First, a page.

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Las Vegas GP marred by more controversy as footage emerges from race | F1 | Sport


Formula One Motorsport fans showed off what they thought of the big boxing screens that line the track at the Las Vegas Grand Prix by tearing holes in them and watching the race for free. The first Formula One race held in Sin City since 1982 was epic but controversial from start to finish.

Even before the start of the race weekend, visitors, hotels and casinos were excited when large structures were erected around the street circuit designed to stop people from getting a view of the action without buying an expensive grandstand ticket.

But as the race got underway images soon began to emerge on social media showing spectators tearing holes in the controversial blacked out screens to watch the action from the edge of the main strip.

The event is said to have attracted over 315,000 fans, but as images continue showed, not all of them were paying for the privilege.

The report claims that event staff tried to fix the blackout screens when it became clear what was happening but their efforts were unsuccessful.

Reigning world champion Max Verstappen went on to win the race to claim a record 18th win of the season, but unlike many of the Dutchman’s previous victories, the Las edition was a much more dramatic affair Vegas.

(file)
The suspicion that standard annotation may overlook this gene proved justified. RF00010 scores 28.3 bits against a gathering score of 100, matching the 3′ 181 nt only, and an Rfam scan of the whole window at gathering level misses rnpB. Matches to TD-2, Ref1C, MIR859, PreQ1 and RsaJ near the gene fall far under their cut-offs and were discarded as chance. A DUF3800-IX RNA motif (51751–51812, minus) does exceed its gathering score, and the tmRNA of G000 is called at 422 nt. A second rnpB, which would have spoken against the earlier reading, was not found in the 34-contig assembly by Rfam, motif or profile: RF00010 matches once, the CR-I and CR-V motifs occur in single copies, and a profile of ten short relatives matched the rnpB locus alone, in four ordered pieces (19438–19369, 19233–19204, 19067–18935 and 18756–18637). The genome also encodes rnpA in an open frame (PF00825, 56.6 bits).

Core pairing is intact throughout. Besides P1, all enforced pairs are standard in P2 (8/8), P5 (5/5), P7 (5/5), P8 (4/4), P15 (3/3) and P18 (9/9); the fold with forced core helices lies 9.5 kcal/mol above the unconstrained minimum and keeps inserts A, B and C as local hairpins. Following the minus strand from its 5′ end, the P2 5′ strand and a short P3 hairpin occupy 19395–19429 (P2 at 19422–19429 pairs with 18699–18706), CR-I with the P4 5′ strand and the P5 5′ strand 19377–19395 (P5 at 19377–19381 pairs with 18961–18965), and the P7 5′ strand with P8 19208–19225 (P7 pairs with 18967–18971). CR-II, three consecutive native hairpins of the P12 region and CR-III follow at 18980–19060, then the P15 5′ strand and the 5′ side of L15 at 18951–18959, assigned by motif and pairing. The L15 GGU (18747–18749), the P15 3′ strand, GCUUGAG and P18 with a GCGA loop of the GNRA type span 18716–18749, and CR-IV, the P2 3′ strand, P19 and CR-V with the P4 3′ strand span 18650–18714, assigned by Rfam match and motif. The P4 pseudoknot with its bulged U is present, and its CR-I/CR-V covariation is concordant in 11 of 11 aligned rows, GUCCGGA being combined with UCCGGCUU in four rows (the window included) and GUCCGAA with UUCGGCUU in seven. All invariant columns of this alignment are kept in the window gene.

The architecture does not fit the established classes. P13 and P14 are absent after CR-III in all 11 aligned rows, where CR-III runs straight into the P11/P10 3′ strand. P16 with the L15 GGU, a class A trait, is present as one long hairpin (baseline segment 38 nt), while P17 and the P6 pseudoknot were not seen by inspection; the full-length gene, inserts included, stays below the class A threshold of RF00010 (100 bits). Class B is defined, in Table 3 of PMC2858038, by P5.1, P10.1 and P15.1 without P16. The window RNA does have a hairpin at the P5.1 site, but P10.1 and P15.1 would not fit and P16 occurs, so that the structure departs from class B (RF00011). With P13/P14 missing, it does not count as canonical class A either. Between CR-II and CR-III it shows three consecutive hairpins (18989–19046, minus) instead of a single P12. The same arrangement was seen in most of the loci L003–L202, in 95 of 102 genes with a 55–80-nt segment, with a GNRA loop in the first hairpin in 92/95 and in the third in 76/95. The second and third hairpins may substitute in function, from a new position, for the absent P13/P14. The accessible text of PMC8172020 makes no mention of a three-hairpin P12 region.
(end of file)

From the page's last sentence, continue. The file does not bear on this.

The Red Bull driver had to overcome a five-second penalty and front wing damage before finally showing his class to take the lead with 16 laps to go after battling team-mate Sergio Perez and Ferrari’s Charles LeClerc.

The race weekend was hit with its first major issue on Thursday evening when the opening practice session had to be stopped when Leclerc’s teammate Carlos Sainz hit a loose manhole cover, causing extensive damage to his car.

When the suspended session finally resumed it was 2.30am local time in front of deserted stands after spectators were asked to leave due to security problems.

One-day ticket holders were offered compensation for the missed session in the form of a $200 voucher to spend on Grand Prix merchandise. But according to Planet F1law firm Dimopoulos and JK Legal & Consulting have filed a class action on behalf of the 35,000 spectators believed to have been at the circuit on Thursday for the practice session.

Lead lawyer Steve Dimopoulos said: “We will vindicate the rights of the fans who traveled great distances and paid a fortune to attend, but did not get the experience.”

He went on to say that the claim is asking for the following: “Money damages are made in an amount that will give them fair and reasonable compensation for the damage caused by the defendants.

“In addition, the plaintiffs claim damages for mental anguish in an amount to be determined by the jury that is fair and reasonable in view of the willful, reckless and intentional conduct of the defendant.”

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